Sunday, January 12, 2014

Poet Pamela Cranston Imagines Two Adirondack Painters

Poet and novelist Pamela Cranston's work appears in journals such as The Adirondack Review, The Anglican Theological Review, Blueline and The Blueline Anthology (published by Syracuse Press), Earthlight Magazine, Edgz, The Northwoods Journal, On the Trail: An Outdoor Anthology, The Mystic River Review, The Penwood Review. She is the author of the novel The Madonna Murders and the collection Coming to Treeline: Adirondack Poems. Though she now lives in Oakland, CA, Cranston's bond to the Adirondack High Peaks goes back to the 1870s when her ancestors began summering in the region. She was born into a family of painters, many of whom contributed to the local arts scene and the Adirondack Trail Improvement Society. In these selections, she portrays two Adirondack painters.
Harold Weston, Frost Before Night,
oil on canvas (1939) 

Harold Weston
(1894 – 1972)
Despite the frigid day, he takes a wedge,
a double-edged axe and a splitter,
(called a peedunk by lumberjacks in these parts),
and cuts some curly maple and yellow birch.
His hands sting with each swing.
The pistol-crack of each log ricochets
off the flanks of Lower Wolf Jaw.
It is 1920. At twenty-five, he is strong,
fitness hard-won against a bout
of teenage polio, Harvard and a sheltered life.
Like Thoreau, he went into the wilds
to find his freedom, hoping the woods
would teach him how to paint. They call him
the Hermit of St. Huberts—that “crazy artist”
who lives alone under the slopes of Giant.

His cabin is hewn from hemlock
and spruce—spare as a Shaker hutch.
No electricity, no insulation,
just a tarpaper roof and water, sluiced
from a spring off Noonmark.
Behind, a modest outhouse
hides in the balsam grove. He brings
only the bare essentials: a table, a cot,
two chairs, blankets and warm clothes,
a coffee pot and kerosene lamp, a frying pan
and kettle, and most crucial—a potbellied stove.
Feeble as a clawless cat, it tries to fend
against the arctic winds, which sneak,
like invisible mice, through the chinks
in the beams. They gnaw all winter at his bones.

Once a month, he hikes to Keene Valley
to pack in food supplies, then gets his mail
from a boarding house run by Spencer Nye.
Some nights, he stays and joins the crew
of ice cutters ‘round a well-stoked fire,
swapping tall tales. The men are stiff
and numb, half-beat from the cold,
hands and feet itchy with chilblains.
They’ve been out on the pond all day
with horse teams and sleds,
carving furrows in that hard white field—
ploughing three-foot cakes of ice,
then plucking the turquoise cubes with giant tongs
out of Chapel Pond and hauling
the slippery load down to town.

Mostly, he just hikes and paints. In the future,
he’ll paint John Dos Passos and Felix Adler,                                                  
but for now, it’s the chiseled faces
of these mountains he most loves.
The profile of each peak
is etched on the canvas of his heart.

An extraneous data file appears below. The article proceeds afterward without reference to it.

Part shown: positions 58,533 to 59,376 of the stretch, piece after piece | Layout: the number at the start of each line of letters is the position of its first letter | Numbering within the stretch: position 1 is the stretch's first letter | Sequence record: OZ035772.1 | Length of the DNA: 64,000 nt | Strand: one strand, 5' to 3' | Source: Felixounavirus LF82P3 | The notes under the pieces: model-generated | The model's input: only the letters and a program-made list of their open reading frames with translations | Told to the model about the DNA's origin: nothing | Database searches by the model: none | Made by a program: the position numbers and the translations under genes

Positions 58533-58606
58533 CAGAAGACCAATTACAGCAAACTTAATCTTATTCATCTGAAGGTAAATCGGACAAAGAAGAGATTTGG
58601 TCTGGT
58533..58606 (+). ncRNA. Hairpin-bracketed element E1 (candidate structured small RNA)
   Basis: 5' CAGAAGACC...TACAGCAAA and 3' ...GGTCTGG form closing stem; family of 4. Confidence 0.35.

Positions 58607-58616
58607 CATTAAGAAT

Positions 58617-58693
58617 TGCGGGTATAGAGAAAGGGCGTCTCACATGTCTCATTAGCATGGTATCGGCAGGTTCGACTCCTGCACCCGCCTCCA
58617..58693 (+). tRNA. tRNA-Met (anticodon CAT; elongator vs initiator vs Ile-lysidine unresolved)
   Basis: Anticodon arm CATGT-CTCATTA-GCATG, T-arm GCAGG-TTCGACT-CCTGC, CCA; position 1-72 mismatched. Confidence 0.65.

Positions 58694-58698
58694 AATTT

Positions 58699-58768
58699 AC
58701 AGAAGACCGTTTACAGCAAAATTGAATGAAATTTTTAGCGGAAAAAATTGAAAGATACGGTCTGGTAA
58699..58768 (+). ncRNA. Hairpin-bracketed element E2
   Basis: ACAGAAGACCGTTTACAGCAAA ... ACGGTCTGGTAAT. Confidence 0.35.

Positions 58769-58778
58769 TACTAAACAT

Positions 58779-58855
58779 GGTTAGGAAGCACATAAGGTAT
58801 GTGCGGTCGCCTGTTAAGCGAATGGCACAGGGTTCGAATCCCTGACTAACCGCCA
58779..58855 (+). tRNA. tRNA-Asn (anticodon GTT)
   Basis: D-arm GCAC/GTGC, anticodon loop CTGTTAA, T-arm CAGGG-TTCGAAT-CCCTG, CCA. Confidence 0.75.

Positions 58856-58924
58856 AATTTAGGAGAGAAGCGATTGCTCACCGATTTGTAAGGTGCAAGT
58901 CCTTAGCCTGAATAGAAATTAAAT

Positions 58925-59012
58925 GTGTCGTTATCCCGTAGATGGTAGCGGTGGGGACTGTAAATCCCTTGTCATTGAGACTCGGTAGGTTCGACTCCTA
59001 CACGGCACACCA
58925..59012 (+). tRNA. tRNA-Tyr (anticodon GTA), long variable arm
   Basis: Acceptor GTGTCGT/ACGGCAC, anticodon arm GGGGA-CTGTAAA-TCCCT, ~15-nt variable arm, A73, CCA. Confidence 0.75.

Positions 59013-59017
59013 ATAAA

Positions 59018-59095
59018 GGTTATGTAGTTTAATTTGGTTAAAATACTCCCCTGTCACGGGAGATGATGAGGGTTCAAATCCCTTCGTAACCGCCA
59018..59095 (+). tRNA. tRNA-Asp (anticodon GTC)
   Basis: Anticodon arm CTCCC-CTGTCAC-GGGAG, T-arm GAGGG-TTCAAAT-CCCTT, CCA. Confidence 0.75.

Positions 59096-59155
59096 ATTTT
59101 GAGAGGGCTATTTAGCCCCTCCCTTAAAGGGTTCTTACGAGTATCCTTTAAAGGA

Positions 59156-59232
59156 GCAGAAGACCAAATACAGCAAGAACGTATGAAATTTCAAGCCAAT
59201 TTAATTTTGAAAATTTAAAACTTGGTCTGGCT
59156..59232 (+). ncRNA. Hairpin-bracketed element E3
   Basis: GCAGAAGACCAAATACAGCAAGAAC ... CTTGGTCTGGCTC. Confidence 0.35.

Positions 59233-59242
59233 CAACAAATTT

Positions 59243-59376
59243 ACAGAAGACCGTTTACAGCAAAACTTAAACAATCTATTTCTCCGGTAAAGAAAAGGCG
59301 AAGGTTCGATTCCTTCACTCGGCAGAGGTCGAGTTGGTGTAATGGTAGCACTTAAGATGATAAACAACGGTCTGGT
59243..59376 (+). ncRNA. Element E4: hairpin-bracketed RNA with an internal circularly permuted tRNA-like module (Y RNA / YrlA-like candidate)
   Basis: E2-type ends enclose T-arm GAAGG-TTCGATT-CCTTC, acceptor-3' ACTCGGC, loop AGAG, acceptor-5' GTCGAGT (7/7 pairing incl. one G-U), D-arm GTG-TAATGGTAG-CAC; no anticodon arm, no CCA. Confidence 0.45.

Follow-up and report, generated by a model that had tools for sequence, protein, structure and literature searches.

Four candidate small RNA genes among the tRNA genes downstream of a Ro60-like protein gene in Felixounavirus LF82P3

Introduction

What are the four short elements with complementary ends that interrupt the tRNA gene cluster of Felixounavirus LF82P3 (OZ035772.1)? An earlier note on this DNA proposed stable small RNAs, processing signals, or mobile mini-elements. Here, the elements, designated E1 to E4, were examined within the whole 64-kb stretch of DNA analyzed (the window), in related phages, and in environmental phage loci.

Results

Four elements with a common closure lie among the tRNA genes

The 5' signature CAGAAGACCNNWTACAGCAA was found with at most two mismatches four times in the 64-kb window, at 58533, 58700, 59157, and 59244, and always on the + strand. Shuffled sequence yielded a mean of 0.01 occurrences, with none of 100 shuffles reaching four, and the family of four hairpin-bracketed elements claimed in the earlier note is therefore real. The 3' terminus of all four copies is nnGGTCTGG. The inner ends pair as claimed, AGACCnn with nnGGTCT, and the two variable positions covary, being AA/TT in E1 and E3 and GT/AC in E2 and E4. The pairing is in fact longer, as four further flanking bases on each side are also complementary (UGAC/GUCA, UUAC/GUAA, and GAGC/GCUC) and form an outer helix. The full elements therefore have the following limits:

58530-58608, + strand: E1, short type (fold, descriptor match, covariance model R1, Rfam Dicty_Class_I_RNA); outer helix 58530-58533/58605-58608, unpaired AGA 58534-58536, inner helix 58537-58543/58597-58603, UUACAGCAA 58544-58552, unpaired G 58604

A photo shows him hiking in snowshoes,
wearing a heavy coat and high-laced boots.
He stands tall in the powdered snow
on the Upper Lake. He clasps
a six foot staff. Under his glasses,
he wears a thin beard and a big grin.
He has just hiked down from Inlet Camp
in a snow squall and seen a snowbow
arching over Gothics.

That rainbow would wrap around him
and keep him warm

Vry Roussin, Lower Lake
oil on canvas (1997) 
the rest of his life.

Vryling Corscaden Roussin
(1944 – 2004) 
Vry’s first masterpiece
was the bathroom sink.
She painted it hot pink
with her mother’s nail polish
at the age of five. From then on,
Art was the life for her. Color
was something she felt and breathed—
not just saw. Once, I heard her exclaim,
“I just discovered brown!”
As if it never existed before.

She lived a life without lines.
When she taught us to draw a chair,
she’d say, “Don’t draw the chair,
draw the space around it.”
She knew the color of in-between.
She was bright and exuberant,
like her freckles and red hair—
breathless as splashes of tangerine
that burst across her canvas,
giddy as tropical birds.

Her barn was a picture of who she was.
Upstairs: a cluttered studio full of paints
half-finished canvases, palettes, brushes,
and dirty rags reeking of turpentine.
Downstairs: one half—a long gallery,
the other, a piece-meal kitchen, a tiny bedroom
and cluttered day room. Outside: an organic garden
and a yard full of wrought-iron sculptures—
standing like mechanical giants,
who had rusted as they played.

Once, after Art School, Vry unrolled
for Harold, on the living room floor,
a large mural she’d done—of cows
standing shin-deep in a stream.
By then, Weston was gaunt,
gray as driftwood, crowbar bent,
but when he saw Vry’s bovines,
his body grew buoyant—
his eyes widened eagerly
to weigh and absorb this feast of light.

Vry learned to live in the Now,
knowing, with cancer, that today
was all she had. She never lingered
over her old work—was happy to see it gone,
or not. (She had let so many of her darlings go.)
Her favorite painting was always the next one.
During her last months, she painted
the color of Hope—vast pale blue skies,
which is where, in the end, she flew,
like a Firebird.

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